Archaeologists in the southern Israeli city of Rahat have discovered remains of a 1,200-year-old soap factory — complete with break room games.
The Israel Antiquities Authority has determined that the factory is likely the oldest one ever found in the country, according to Atlas Obscura, and date it back to the early Islamic period during the Abbasid Caliphate.
The find was the result of a six-month excavation in advance of the construction of a new neighborhood in Rahat, which has seen large population growth due in part to the relocation of Bedouins whose homes the Israeli government ordered demolished During the dig in an ancient home, researchers found what appeared to be a workshop containing olive pits, indicating that olive oil was used in the production of the soap, as well as ovens where the soap was cooked.
“The soap workshop here was identified due to a similarity in plan to workshops discovered in Israel [that date to] the Ottoman period,” Dr. Elena Kogen Zehavi, the IAA excavation director, wrote to Atlas Obscura. “The soap production process was made from a combination of poor-quality olive oil, potash, lime, and water.”
While the layout of the Rahat factory offers clues about the olive oil soap-making process, other items provide a window into the life of a laborer between the baking, cooling and cutting of the cleaning product. In an underground area beneath the house, archaeologists discovered a room containing a limestone board game called “Windmill” as well as pieces of the game “Hounds and Jackals” or “58 Holes,” a game dating back to the Egyptian Middle Kingdom that you might recognize from this scene in “The Ten Commandments.”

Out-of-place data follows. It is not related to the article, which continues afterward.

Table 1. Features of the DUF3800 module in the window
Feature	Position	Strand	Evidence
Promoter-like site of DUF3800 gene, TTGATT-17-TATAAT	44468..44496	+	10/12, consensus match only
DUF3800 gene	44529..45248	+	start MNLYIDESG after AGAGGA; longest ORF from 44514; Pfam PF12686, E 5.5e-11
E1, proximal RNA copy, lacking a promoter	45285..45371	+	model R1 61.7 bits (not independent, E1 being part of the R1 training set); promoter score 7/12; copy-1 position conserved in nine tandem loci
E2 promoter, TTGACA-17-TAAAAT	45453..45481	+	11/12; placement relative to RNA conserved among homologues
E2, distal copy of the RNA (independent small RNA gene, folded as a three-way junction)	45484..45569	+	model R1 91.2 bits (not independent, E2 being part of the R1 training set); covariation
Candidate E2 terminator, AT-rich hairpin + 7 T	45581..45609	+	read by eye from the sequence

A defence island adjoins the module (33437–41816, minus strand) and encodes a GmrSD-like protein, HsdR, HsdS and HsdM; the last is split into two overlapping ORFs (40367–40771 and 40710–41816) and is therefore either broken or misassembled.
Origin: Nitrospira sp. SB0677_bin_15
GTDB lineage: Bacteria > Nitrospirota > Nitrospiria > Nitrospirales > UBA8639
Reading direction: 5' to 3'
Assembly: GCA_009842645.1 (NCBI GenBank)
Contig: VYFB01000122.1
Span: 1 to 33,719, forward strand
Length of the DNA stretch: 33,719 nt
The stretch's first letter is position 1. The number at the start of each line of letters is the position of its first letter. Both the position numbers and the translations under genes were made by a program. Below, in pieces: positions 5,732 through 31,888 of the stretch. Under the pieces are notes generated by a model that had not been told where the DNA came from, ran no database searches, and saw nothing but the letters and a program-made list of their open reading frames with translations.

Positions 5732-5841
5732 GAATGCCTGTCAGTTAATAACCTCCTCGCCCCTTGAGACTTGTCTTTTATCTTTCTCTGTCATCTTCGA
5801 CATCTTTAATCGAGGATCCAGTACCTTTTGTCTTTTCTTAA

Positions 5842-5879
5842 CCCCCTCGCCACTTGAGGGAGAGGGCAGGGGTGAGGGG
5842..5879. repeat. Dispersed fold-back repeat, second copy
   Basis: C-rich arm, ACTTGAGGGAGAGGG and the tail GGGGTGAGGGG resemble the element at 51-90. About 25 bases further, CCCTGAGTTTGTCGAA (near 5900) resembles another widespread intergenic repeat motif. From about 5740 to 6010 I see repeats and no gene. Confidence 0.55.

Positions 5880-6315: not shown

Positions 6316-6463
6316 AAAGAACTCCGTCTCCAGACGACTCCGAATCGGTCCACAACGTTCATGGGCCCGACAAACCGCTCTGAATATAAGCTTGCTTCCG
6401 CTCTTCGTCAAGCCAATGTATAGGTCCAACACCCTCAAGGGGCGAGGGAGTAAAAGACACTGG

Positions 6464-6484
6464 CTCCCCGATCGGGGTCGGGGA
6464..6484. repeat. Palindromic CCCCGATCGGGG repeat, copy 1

“These boards are found in places where people congregate, such as streets, bath houses, oil presses, cisterns, and wells,” IAA archaeologist Svetlana Tallis told Atlas Obscura. “Although in Rahat the boards were found in the living wing, they may have been used by the workshop workers or played with the merchants who would come for the soap.”
Soap manufacturing was a common industry in the region dating at least to the 10th century and many such sites have been discovered in recent years. Perhaps the oddest example came in 2018, when a 19th-century factory dating to the Ottoman period was discovered during the construction of Israeli mentalist Uri Geller’s museum in Jaffa.
PJ Grisar is the Forward’s culture reporter. He can be reached at Grisar@Forward.com.